Internship Post Mortem 2016

This summer, I interned at an undisclosed software company. Without getting too specific, here’s a basic post mortem of my experience. Things I Learned Things are designed for the lowest common denominator, especially in software. There isn’t enough documentation, and often the code is better documentation than the actual documentation. Using source annotations to generate documentation for the end user (eg JavaDoc, JsDoc) is often easier than writing the documentation by hand (this only applies to large code bases, however).

Recent Site Downtime

Recently this site experienced some downtime. This was related to both (1) Go breaking on the latest OpenVZ kernel patch 2.6.32-042 and (2) my TLS certificate expiring.

Go looks borked on OpenVZ until it moves to 3.X. As for the certificate that has been fixed.

Nate Silver Considered Harmful

As the 2016 Republican Presidential Primary comes to an end, so has Nate Silver’s credibility. Silver is known as the whiz kid who predicted the 2008 and 2012 general presidential elections using historical data. It’s just sad that Nate Silver is consistently wrong lately because of his overt bias (that apparently he can’t recognize).

The Insecure of Things

So weev had some fun with printers recently. With 6 lines of shell, weev not only trolled hundreds of people from across the Atlantic Ocean, but also showed how screwed IT security is. If any of the affected organizations used even the most basic security measures, all of this could have been prevented. It’s sad that in $CURRENT_YEAR companies still can’t be bothered to implement the simplest of security measures. But this post isn’t about anything Andrew Auernheimer has done, it’s about something worse – the Internet of Things (hereafter referred to as IoT).

We Dogfood Now

For a while, I ran this blog using Ghost. Ghost is a great blogging platform, with a great theme and developer ecosystem. I cannot laud the Ghost team enough for how well-designed the UI is (IMHO). My only issue with Ghost is how badly it hogs resources (due to the fact that it’s written in a dynamic, interpreted language). Node.js used a ton of memory on my itty-bitty VPS, and it’s sometimes it’s slow and apt to crash.

A New Blogging Architecture

As of the time of this post, I am hosting this blog using Ghost. My only issues are that Ghost takes up a lot of memory (52 MB) on my VPS and page loads are slightly sluggish. In the search of a better platform, I realized that there’s still room for improvement in the blogging atmosphere. First, some background knowledge: A Tale of Two Systems As it stands, there are two existing ways that web blogs work.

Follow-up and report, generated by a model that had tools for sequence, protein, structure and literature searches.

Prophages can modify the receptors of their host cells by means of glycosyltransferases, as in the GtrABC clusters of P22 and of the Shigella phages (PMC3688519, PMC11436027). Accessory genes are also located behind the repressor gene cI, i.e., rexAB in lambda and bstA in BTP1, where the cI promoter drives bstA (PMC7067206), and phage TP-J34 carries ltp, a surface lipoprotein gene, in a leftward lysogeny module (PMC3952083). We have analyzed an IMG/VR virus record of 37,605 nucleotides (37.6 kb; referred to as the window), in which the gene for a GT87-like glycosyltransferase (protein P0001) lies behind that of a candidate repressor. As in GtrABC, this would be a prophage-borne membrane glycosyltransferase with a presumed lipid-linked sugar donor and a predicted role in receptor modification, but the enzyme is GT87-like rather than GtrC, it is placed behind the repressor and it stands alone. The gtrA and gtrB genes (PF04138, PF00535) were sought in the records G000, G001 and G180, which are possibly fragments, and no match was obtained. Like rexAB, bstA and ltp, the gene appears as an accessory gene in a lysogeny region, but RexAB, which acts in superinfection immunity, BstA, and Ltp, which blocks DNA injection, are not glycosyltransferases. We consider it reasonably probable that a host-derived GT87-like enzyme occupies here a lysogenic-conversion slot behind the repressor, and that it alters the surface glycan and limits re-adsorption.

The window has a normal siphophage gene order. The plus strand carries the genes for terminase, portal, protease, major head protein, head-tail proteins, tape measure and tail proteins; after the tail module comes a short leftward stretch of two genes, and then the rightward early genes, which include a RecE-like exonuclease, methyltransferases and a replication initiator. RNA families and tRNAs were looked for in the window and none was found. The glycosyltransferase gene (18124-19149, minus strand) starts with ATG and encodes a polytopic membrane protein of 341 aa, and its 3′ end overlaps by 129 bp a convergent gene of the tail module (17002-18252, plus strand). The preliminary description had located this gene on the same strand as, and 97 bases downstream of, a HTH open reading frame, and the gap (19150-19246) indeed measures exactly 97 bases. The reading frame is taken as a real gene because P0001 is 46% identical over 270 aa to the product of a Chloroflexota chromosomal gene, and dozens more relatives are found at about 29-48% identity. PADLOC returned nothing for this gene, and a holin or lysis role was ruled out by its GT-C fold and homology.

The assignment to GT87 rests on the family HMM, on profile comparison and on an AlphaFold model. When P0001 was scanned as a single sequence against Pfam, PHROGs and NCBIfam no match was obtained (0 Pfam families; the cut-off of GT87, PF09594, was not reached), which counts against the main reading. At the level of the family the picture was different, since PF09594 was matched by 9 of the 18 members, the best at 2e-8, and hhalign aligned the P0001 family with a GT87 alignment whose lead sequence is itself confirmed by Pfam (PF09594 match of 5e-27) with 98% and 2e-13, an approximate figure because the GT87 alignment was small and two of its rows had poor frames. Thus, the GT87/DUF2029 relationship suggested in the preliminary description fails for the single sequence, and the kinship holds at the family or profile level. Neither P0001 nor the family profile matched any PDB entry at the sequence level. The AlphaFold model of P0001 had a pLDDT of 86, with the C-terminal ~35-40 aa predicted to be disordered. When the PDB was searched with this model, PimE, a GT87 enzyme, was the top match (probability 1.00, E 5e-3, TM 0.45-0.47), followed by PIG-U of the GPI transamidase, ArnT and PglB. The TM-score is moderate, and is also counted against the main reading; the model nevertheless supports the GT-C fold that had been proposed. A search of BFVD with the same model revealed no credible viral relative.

KeePass is Complicated

For the past few weeks, I’ve been writing a small program to parse KeePass 2 database files (the ones that end in .kdbx) using Go. I’ve been using this blog post which details the file format but it’s still damn complicated. For example, the headers are a Type-length-value list. Note that TLV is meant for communications protocols (where bandwidth is limited), not for disk-based storage). Fair enough, I’ll deal with it.

From Lighttpd to Nginx

I recently moved this blog from Lighttpd to nginx. Lighttpd was good for a while, but now that I have plenty of experience rewriting server configuration rules, I feel that I’m ready for nginx. To be upfront, nginx configuration isn’t that hard at all. The only issues I seemed to have was that I was unfamiliar with the terminology or what I wanted to make happen with nginx. For example, when I first started being a sysadmin, I had no clue what a scheme, URI, or the status codes were.

Lets Encrypt (This Website)!

Looks like I got in to the Let’s Encrypt Beta Program. As of now, camconn.cc, files.camconn.cc, and www.camconn.cc now use a certificate from Let’s Encrypt. I had to do some work to make sure everything works with Lighttpd, but so far so good. This included concatenating the cert.pem and privkey.pem together to create a single lighttpd.pem file that lighttpd could handle. I’ll start using the cert with Postfix soon too. I’m now going to start redirecting HTTP requests to HTTPS, as well as fixing links within this website.

Bye Bye Capslock

Hate Capslock? Me too. Nobody uses it on purpose. I can count on one hand the number of times I’ve used the Capslock key unironically. Time to rebind it to escape. That’ll be far more useful with vim. xsetkbmap -options caps:escape Good riddance.